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Hey, hey! Ready to wrap another month? This newsletter sure is. Before we get to this week’s list, don’t forget GlobeLive, an in-person peek behind the bylines of your favorite Globe writers, Friday and Saturday evening at the Paramount. All the great stories with none of the inky fingertips! (Find tickets and more info here.)
BOSTON COLIN: Ask Leslie Jones, and you’ll learn that “Weekend Update” coanchor and “Saturday Night Live” writer Colin Jost is, among other things, a “tall glass of egg whites,” a “delicious marshmallow,” a “tingly Crest Whitestrip,” a “refreshing “peppermint patty,” and a “frothy glass of eggnog,” but he’s more than that. The sit-down comedian (and Harvard Lampoon alum) is just as talented while standing up, as he’ll demonstrate with a set at the Wilbur this Saturday night. (And tell that sweet slice of coconut meringue pie I said what up.) Tickets here.
KIDS ARE ALL RIGHT: “If you’re the right impressionable age — 9 or 10 or 11 —” writes the Globe’s Ty Burr, “ ‘Wonderstruck’ may possibly strike you as the best movie ever made.” He gives this latest outing from director Todd Haynes (“Carol,” “Far From Heaven,” “Velvet Goldmine”) three stars, which either means Burr is somewhere in his mid-to-late teens or “Wonderstruck” is actually pretty good! (I’m thinking the latter.) The film leaps across decades (as well as the Hudson River) to tell a twofold tale of kids in the big city that Burr praises as “a hermetically sealed confabulation of longing and connection given weight and artistry by the man behind the camera.” Opens Friday.
EMO FILL-UP: Speaking of confabulations of longing and connection, you (or your kid who ostensibly finished grad school but sure doesn’t act like it) may be interested in this Fall Out Boy show, coming Friday night to TD Garden. Post-emo grown-ups who’ve lost their bangs but not their edge will swoon to hear “Sugar, We’re Goin’ Down” once again, and anyone who has ever tasted the battery-like kiss of a Monster energy drink will surely hoist one to “My Songs Know What You Did in the Dark (Light ’Em Up).” But you might as well go and get familiar with the band’s new single “Champion” before NBC slaps it on top of literally every single medalist montage coming out of PyeongChang next year. Just you wait. Tickets here.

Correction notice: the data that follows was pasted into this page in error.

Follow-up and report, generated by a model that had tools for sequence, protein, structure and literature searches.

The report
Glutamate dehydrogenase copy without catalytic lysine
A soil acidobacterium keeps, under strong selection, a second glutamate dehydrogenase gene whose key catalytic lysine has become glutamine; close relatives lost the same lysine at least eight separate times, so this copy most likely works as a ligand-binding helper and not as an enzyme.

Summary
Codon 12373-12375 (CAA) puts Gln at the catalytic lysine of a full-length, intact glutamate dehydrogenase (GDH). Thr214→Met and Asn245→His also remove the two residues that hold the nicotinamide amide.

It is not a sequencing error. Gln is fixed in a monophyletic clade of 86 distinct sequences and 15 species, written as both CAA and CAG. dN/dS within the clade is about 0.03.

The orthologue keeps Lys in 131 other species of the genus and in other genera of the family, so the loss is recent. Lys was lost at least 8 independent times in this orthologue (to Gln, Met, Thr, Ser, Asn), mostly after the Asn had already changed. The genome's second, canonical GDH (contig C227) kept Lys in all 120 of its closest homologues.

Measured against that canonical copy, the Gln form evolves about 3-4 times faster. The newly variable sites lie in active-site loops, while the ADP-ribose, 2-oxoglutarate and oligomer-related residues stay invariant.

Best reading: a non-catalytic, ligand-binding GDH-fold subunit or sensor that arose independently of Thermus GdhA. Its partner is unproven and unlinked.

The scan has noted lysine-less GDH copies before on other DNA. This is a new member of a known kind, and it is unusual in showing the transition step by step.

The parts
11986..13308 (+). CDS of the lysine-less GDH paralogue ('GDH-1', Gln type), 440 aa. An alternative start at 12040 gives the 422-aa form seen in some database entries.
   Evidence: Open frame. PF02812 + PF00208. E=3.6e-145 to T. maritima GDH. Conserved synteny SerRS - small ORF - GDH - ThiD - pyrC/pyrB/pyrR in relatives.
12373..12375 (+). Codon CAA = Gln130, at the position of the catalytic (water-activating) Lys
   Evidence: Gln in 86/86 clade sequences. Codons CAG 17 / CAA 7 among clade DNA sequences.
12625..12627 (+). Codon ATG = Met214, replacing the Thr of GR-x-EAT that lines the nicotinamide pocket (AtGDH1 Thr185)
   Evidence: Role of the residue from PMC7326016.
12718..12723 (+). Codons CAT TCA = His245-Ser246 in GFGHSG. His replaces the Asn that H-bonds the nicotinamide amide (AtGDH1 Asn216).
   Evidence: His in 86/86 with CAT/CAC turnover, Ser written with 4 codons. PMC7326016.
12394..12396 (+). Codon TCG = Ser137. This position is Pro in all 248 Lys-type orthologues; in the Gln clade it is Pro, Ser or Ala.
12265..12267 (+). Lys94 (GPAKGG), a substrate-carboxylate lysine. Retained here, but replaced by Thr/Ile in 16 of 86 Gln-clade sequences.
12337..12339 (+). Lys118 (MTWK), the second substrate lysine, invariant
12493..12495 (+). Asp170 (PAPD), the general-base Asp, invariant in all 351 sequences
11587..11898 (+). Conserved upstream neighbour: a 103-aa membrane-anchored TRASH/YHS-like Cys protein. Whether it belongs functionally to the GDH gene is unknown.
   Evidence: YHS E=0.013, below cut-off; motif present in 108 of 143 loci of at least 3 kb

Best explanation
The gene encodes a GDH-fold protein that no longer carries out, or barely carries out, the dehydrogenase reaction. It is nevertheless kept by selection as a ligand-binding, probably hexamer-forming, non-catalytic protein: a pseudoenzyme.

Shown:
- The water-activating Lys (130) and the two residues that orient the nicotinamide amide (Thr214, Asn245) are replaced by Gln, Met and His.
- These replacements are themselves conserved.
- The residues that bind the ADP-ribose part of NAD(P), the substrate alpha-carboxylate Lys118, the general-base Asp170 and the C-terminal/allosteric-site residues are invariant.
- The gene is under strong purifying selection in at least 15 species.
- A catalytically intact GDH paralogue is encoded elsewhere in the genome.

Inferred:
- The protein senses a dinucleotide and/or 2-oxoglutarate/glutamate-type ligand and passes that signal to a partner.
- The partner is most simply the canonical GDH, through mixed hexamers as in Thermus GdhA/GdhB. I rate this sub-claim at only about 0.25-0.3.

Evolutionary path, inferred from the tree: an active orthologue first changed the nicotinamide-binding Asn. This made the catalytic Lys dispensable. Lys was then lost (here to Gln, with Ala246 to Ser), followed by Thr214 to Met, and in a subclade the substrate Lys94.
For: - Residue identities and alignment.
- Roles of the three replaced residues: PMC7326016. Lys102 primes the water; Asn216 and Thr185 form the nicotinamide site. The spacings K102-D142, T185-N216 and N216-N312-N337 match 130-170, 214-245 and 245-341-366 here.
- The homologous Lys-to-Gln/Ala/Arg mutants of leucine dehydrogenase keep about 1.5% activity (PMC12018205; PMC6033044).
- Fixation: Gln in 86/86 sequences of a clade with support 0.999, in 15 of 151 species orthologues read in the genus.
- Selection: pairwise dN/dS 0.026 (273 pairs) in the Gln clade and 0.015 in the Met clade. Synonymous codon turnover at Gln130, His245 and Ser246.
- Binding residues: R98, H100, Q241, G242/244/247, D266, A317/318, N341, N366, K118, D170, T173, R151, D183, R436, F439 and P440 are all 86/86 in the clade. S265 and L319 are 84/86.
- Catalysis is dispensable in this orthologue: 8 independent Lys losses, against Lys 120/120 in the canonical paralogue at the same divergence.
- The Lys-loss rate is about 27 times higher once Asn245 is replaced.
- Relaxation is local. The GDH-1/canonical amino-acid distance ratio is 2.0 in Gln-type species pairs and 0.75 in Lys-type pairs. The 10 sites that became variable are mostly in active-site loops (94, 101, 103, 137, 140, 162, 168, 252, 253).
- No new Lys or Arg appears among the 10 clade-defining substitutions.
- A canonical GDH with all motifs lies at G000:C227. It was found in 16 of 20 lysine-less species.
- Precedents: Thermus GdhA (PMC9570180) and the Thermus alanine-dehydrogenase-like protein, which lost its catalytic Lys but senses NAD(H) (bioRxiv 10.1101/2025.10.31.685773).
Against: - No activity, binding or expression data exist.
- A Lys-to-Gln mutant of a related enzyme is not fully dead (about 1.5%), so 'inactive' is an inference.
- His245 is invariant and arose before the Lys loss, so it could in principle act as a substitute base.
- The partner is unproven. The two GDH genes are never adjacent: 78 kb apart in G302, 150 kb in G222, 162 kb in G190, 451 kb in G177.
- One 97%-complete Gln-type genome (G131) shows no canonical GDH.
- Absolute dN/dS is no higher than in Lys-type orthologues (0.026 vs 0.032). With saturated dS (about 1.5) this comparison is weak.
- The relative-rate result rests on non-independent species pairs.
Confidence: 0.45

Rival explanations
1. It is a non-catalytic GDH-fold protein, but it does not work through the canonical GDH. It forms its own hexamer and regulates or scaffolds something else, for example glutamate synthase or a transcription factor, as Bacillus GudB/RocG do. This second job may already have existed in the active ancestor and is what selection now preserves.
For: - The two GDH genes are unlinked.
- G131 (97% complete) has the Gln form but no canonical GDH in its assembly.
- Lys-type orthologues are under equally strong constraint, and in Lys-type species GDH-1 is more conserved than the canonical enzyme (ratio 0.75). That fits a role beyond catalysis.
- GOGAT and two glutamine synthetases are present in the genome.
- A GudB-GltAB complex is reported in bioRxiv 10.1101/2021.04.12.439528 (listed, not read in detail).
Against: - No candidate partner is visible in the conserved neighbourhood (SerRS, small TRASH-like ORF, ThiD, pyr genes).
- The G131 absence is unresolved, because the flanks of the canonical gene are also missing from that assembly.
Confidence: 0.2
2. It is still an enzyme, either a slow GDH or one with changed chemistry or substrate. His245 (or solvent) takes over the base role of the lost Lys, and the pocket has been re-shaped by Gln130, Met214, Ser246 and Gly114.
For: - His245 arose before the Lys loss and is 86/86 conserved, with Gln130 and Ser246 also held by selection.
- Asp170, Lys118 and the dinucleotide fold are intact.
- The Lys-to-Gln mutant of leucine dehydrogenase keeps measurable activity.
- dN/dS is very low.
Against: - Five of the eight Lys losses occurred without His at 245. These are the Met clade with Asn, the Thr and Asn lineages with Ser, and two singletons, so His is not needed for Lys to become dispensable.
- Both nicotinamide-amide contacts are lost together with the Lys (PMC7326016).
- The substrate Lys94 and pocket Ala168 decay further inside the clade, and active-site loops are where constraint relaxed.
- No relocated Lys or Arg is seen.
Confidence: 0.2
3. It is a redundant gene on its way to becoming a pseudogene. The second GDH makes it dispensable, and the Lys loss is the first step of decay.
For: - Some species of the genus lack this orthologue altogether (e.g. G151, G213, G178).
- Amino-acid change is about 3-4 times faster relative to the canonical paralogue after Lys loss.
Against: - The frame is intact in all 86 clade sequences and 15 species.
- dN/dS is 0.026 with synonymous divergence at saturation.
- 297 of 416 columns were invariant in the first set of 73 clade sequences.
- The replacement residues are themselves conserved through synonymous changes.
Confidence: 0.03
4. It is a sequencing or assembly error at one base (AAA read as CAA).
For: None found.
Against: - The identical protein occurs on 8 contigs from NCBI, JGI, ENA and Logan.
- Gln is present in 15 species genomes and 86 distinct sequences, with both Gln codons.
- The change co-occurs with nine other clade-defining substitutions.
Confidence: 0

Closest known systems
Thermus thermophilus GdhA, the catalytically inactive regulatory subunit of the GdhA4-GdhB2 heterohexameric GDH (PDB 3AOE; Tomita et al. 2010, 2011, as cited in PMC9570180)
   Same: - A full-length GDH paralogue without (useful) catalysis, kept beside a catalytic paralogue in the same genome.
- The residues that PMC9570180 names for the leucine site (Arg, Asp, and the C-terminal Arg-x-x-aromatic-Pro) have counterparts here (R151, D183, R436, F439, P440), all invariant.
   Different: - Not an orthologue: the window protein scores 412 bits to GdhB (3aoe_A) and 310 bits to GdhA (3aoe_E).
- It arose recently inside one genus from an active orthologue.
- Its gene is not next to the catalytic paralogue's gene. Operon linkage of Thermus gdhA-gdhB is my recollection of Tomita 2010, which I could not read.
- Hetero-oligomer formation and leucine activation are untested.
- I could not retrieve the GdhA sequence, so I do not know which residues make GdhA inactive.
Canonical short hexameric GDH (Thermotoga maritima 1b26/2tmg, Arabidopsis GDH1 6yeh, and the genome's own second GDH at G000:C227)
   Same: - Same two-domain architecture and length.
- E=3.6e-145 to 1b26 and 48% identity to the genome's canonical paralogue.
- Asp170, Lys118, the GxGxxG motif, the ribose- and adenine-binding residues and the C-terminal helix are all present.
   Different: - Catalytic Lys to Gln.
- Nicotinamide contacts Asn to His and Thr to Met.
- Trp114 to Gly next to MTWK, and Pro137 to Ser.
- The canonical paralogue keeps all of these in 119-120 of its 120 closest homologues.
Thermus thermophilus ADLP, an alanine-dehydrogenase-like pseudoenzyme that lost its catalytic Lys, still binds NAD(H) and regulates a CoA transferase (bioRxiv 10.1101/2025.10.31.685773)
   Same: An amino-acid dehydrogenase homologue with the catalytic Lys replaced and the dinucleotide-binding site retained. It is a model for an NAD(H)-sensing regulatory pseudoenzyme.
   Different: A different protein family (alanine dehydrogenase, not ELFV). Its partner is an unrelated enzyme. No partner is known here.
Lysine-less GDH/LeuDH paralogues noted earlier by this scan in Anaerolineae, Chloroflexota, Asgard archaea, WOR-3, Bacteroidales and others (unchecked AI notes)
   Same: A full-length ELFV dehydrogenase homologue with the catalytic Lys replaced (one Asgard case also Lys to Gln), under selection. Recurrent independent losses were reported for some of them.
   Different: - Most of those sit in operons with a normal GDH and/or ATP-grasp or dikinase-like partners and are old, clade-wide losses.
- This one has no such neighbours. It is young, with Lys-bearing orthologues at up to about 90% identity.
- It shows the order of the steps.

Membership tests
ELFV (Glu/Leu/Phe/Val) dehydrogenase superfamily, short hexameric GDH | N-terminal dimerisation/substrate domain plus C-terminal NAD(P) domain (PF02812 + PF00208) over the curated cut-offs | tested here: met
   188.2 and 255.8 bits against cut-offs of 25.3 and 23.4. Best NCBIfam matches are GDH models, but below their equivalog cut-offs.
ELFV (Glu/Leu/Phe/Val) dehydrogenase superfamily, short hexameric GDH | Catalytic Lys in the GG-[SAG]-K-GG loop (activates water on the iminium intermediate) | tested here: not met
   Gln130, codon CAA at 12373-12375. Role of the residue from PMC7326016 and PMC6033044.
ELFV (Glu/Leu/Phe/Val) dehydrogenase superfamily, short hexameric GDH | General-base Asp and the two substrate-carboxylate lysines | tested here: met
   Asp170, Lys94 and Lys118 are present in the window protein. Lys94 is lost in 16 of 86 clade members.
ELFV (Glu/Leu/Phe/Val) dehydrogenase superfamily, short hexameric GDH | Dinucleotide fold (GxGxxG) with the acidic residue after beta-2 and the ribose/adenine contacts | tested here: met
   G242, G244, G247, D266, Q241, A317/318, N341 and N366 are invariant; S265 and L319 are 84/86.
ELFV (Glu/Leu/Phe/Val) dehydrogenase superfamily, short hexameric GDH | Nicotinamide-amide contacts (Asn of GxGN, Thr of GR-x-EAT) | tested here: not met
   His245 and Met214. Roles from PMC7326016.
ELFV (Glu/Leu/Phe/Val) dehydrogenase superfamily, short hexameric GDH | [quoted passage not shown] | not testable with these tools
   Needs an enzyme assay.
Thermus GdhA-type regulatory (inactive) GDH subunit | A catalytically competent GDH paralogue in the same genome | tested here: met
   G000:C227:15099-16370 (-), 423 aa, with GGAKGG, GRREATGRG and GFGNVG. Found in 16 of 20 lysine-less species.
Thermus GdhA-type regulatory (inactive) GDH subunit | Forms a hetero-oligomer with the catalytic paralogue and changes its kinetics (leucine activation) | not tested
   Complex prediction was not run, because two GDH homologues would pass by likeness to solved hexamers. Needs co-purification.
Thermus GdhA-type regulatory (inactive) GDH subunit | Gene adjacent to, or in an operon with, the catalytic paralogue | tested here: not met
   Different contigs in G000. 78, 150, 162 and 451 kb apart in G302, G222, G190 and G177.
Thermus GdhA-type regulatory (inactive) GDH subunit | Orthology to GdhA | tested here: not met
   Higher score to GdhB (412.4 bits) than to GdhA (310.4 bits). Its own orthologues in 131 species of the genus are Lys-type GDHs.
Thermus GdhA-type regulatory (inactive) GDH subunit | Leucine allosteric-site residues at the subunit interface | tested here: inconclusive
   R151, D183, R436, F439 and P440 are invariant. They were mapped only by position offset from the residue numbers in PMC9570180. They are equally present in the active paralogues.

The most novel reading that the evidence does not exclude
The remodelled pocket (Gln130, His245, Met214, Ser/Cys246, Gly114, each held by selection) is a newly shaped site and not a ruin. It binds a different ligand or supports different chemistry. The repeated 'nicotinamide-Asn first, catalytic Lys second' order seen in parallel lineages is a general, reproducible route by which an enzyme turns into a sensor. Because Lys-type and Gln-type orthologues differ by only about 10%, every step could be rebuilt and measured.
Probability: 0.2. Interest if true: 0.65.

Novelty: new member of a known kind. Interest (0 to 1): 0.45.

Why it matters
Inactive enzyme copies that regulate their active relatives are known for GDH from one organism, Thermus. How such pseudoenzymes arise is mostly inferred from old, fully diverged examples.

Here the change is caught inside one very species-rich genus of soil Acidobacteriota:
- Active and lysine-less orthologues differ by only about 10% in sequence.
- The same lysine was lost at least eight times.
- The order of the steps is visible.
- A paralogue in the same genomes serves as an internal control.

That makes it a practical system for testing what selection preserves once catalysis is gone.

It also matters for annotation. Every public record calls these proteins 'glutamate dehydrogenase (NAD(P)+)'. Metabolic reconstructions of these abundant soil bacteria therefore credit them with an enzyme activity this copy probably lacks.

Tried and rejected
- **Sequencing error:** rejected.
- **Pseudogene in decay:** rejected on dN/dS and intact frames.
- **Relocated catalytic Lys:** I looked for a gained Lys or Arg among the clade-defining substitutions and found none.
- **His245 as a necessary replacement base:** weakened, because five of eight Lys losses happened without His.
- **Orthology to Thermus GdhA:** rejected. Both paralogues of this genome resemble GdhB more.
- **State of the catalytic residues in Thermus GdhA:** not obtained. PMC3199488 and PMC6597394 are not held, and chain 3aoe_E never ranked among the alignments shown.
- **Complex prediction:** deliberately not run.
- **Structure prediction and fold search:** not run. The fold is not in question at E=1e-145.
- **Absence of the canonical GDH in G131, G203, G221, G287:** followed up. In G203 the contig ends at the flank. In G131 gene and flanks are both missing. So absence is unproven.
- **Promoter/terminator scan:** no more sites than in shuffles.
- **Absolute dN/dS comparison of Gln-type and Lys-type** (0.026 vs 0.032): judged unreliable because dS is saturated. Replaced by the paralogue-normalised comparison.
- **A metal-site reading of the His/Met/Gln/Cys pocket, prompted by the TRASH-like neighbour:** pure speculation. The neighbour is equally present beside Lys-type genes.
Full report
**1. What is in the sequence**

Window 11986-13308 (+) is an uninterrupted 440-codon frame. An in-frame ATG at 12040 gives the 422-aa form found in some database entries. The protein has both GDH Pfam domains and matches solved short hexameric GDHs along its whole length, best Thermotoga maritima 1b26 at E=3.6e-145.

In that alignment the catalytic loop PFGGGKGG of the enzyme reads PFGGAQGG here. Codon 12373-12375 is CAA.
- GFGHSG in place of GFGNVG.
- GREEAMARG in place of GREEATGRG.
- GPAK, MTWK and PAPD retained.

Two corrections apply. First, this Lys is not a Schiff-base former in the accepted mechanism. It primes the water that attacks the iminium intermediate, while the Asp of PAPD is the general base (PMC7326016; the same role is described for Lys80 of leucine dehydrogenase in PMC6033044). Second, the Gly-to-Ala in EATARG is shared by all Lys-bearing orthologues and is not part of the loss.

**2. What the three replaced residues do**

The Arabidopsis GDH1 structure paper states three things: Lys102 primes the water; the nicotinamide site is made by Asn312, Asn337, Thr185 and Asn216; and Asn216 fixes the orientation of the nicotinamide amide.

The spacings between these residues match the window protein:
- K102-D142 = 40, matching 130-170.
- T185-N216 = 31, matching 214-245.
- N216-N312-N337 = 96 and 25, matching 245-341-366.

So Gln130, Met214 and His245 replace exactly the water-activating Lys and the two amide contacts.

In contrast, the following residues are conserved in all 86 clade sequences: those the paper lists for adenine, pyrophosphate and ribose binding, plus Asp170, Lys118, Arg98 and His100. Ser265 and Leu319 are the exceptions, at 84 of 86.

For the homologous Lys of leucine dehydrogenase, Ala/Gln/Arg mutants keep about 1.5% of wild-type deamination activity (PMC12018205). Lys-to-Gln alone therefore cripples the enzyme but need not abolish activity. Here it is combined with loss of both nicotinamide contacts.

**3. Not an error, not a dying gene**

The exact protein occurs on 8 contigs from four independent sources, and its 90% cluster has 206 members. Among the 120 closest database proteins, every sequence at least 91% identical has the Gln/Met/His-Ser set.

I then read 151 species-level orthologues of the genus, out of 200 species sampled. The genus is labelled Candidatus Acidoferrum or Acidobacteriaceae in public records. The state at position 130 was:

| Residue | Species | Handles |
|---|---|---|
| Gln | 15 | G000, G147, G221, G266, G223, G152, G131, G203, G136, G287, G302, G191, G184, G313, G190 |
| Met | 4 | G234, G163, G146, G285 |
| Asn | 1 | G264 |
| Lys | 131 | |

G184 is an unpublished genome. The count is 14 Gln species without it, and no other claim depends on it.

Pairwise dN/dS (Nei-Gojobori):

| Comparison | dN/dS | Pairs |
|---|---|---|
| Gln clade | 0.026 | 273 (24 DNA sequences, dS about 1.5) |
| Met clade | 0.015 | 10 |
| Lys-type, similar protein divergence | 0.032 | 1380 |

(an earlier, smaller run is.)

ZUDDEN ZZTOP: Aw maaan, I was all set to tell you that ZZ Top is playing a much better show (where’s the lie?) over at the Orpheum Theatre that same night, but it appears that Dusty Hill has a “tummy ailment” and they postponed (new date TBA). (Ditto the Kristen Hersh and Tanya Donelly shows originally scheduled for this weekend at City Winery.) So instead, I’m just going to link to the “Velcro Fly” video because I think it’s what we should send into space to convince the aliens not to give up on us.
LEAPS AND BOUNDS: Since we’re being flexible, it’s as good a time as any to reroute plans to Pilobolus, the genre- and body-bending dance troupe that has moved the form into something more like kinetic anatomical sculpture. For its three-show run of “Pilobolus Maximus” Friday through Sunday at the Boch Center Shubert Theatre, they’ll perform pieces including “On the Nature of Things,” “Echo in the Valley,” “Branches,” and “The Inconsistent Pedaler,” a collaboration with writer Etgar Keret and filmmaker Shira Geffen. It’s presented by Celebrity Series of Boston, and you can still grab tickets here.